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Obama visit: Abbas brings Palestinian cause, but not support, to Washington

Not only are Fatah and Hamas deadlocked in a power struggle. Abbas’s own Fatah bloc has rejected his new government.

By Ilene R. PrusherStaff writer of The Christian Science Monitor / May 28, 2009

On the eve of his White House meeting with Obama on Thursday, Palestinian Authority President Mahmoud Abbas dined with Secretary of State Hillary Clinton in Washington.

United States State Department/Reuters


Ramallah, West Bank

Palestinian Authority President Mahmoud Abbas came to meet President Barack Obama on Thursday to discuss the future of Middle East peace.

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But he is hobbled by the present instability back home.

Not only are Palestinians bitterly divided between Hamas and Fatah, estranged by politics, geography, and Israeli restrictions on their movement. Now Mr. Abbas's main support base in his government – the Fatah bloc of lawmakers – has summarily rejected the cabinet he cobbled together last week in what critics call a rushed attempt to present Mr. Obama with a sound negotiating partner.

"The idea was to form a government that would arm Abu Mazen [Abbas] with something stable before he met with Obama, but it backfired," says Hani el-Masri, head of Badael, the Palestine Media, Research and Studies Center here.

"It was a rush to establish a new government by ignoring the internal conflicts and the Hamas-Fatah dialogue," says Mr. Masri. "Instead, they should have postponed forming a new government until after the meeting with Obama, and waited at least until July."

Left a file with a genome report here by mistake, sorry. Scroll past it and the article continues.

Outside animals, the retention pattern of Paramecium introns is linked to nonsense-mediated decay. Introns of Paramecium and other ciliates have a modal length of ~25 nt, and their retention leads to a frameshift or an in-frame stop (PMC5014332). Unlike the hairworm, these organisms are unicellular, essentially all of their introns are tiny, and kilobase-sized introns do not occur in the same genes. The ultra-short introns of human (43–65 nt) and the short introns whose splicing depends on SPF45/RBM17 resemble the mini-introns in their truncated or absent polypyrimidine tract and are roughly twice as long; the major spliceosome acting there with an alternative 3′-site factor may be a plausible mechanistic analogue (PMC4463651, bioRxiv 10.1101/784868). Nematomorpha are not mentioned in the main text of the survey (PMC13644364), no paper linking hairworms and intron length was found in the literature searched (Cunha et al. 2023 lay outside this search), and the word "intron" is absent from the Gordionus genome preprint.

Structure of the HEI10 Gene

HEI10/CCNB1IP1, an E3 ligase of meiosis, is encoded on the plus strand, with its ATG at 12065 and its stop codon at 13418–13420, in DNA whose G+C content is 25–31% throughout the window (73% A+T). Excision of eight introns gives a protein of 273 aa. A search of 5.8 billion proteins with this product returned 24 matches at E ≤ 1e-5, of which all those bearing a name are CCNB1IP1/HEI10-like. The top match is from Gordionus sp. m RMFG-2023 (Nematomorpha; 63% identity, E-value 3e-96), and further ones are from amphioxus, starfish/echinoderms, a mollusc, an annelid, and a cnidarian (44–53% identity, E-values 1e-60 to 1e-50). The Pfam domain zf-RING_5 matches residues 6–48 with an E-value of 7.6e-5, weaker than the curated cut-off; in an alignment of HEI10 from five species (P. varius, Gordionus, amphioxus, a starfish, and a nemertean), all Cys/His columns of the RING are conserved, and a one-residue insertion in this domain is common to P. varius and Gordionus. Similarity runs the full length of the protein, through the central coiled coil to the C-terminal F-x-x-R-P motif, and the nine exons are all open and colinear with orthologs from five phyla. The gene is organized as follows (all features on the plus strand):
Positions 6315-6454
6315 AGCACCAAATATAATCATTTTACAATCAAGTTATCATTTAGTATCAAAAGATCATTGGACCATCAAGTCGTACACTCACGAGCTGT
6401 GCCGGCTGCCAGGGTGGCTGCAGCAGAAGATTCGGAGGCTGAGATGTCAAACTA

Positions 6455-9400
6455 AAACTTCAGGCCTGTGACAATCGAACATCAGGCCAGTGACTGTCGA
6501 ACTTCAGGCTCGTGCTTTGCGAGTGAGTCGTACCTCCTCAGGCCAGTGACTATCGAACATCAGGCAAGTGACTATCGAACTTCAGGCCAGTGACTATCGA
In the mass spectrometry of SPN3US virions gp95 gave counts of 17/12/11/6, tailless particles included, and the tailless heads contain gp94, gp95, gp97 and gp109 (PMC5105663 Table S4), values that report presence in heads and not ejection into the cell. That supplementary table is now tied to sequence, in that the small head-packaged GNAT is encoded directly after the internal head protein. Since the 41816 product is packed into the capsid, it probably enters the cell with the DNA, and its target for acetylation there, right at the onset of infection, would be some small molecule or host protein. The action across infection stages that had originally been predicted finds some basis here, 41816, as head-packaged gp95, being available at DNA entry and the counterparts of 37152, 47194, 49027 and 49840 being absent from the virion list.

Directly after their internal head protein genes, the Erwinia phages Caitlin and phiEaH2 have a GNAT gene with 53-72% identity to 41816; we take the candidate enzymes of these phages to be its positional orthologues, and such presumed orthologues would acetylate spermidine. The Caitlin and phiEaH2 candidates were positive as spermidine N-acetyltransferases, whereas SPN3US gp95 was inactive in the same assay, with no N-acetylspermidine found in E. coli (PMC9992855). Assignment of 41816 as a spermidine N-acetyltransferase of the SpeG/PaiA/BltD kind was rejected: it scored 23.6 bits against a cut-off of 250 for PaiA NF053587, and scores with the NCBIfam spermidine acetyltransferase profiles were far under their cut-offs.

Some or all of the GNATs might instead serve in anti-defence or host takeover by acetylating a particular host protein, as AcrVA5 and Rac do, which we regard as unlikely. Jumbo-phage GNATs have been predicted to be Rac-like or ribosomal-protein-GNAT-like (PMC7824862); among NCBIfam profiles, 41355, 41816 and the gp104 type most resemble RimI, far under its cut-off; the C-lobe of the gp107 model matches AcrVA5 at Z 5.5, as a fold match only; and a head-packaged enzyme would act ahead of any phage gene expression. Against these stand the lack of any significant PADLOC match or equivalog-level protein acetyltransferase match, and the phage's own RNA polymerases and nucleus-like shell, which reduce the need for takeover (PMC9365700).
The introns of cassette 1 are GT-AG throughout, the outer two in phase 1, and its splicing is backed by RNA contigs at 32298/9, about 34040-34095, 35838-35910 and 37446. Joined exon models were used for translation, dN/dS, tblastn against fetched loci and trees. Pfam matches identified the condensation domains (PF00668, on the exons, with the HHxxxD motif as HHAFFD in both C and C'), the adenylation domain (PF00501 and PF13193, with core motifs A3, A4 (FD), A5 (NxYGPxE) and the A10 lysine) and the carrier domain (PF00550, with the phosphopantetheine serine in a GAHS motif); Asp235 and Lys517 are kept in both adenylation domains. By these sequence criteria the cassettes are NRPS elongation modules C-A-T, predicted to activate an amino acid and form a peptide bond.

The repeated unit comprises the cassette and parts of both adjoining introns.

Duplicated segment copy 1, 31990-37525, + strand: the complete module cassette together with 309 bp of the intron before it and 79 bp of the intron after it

Abbas promised disgruntled party members that he would hold a Fatah Congress on July 1 to determine the way forward. It's not yet clear whether the congress – which would be the first of its kind in 20 years – will be held, and if so, where.

Also in early July, talks between Hamas and Fatah, which was forced to leave Gaza in June 2007 after violent clashes with Hamas, are scheduled to resume in Cairo. Many here believe that a reconciliation agreement, presumably leading to some form of national unity government, is the only way for Palestinians to present even a nominally united front in peace talks with Israel.

That Abbas jumped ahead with installing a new government without waiting either for the reconciliation talks – or the major gathering of Fatah politicos – was taken as a sign he didn't put much value in either.

"Hamas has made a lot of mistakes and has stopped things from moving forward," says Masri. "But had Abbas really wanted the dialogue to proceed, he would have shown some flexibility."

But even a unity Fatah-Hamas government would face daunting challenges at the peace table. Israel, which announced Thursday that it had killed a prominent Hamas militant in the West Bank, has refused to deal with the group. Both Israel and the US considers Hamas a terrorist organization, but Obama has given some indications that his administration may be open to dealing with a unity government.